Sanctuary Integrated Monitoring Network
Cordell Bank National Marine Sanctuary

Continental Shelf

Photo: Linda Snook/CBNMS
The continental shelf is the gradually sloping submerged margin of the continent that extends from the nearshore to the shelf break. Beyond the break (at a depth of approximately 200 meters, or 650 feet), the continental slope descends more steeply to the ocean floor. It can be subdivided according to depth, including: The boundaries of Cordell Bank National Marine Sanctuary include only the outer continental shelf, with shelf depths of approximately 70 to 80 meters along the eastern, nearshore boundary. Landward of the sanctuary are shelf areas shallower than 30 meters that are contained with the Greater Farallones National Marine Sanctuary.

The outer continental shelf is relatively broad throughout the extent of the Cordell Bank sanctuary, with the shelf break (western boundary of the shelf) located approximately 35 to 50 kilometers from shore. The continental shelf encompasses the prominent feature of Cordell Bank, with the shelf break wrapping from the west side of the bank around the north and east sides. Thus, on the western edge of the continental shelf, water depth changes dramatically from as deep as 200 meters to 35 meters at the shallowest pinnacles of the bank.

A large portion of the shelf in the sanctuary is composed of soft-bottom habitats, which cover approximately 822 square kilometers, from depths of 70 to 200 meters. Soft-bottom habitats are made up of sand and silt. In this sanctuary, most of the soft-bottom areas of the outer continental shelf are silt. Nevertheless, sand substrates are found in the region east of Cordell Bank, with the occurrence of sand increasing with increasing proximity to the bank.

The continental slope makes up 190 square miles of the sanctuary (35% of the sanctuary seafloor) and extends from about 200 m down to about 2,200 m at the western boundary of the sanctuary. The slope environment is primarily mud bottom with some rock habitats.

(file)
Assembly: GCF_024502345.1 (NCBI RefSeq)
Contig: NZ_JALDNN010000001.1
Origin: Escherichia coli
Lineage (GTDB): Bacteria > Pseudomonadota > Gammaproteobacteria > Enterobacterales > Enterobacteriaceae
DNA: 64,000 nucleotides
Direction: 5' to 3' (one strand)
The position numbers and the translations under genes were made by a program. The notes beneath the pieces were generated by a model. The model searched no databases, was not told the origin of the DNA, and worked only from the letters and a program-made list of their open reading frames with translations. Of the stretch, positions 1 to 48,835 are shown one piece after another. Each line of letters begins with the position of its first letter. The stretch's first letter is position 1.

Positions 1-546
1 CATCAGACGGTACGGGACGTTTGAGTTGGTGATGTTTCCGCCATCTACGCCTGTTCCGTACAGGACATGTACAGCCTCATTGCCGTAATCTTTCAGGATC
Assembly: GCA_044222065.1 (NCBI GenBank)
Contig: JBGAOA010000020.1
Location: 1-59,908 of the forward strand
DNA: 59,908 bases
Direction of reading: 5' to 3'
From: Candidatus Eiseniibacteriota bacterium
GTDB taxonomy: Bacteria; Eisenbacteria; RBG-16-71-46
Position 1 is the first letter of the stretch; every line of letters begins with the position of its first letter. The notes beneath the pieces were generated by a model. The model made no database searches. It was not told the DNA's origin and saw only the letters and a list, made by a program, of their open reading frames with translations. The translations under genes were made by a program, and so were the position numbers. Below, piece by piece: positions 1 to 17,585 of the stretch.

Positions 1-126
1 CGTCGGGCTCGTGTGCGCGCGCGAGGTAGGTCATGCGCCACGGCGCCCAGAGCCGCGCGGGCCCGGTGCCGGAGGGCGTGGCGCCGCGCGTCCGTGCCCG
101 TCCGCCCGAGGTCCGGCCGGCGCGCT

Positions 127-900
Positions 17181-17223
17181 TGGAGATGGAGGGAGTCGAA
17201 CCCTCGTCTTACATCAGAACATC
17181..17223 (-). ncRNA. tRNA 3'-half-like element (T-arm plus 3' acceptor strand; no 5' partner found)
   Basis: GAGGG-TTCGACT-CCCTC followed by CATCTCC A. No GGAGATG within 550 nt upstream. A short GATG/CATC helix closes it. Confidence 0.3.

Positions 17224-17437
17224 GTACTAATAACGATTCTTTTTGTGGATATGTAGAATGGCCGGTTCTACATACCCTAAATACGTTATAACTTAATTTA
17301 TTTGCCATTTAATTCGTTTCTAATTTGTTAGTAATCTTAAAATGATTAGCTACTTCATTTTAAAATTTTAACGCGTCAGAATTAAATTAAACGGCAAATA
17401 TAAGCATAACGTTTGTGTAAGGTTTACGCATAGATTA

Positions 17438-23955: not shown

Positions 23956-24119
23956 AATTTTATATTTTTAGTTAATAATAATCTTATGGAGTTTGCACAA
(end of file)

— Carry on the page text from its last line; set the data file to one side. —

The lack of hard substratum for attachment prevents algae and some invertebrates from colonizing soft-bottom habitats. Soft-bottom associated species live either on the surface of, or buried in, the sediments. Some of these animals, such as the burrowing tube anemone, build somewhat permanent tubes and burrows. The burrowing and feeding activities of fishes and invertebrates (known as bioturbation) help to mix the surface sediments and also add some structural relief to a relatively flat habitat.

The complex physical structure created by rocky, hard-bottom areas within the outer continental shelf region provides habitats for a very different suite of organisms than those found in soft-bottom areas, including rockfishes, deep-water corals, sponges and anemones. This abundance of benthic life associated with hard substrates attracts pelagic predators, including seabirds and marine mammals, which hunt for fishes and invertebrate prey along the bottom and in the waters above the seafloor.

Within the sanctuary, Cordell Bank is a prominent hard-bottom feature, measuring approximately 7 x 14.5 kilometers. The bank makes up a large part of the outer continental shelf within the sanctuary and plays an important role in the marine ecosystem in this region. See the section on "Seamounts and Banks" for further information on this unique and productive environment.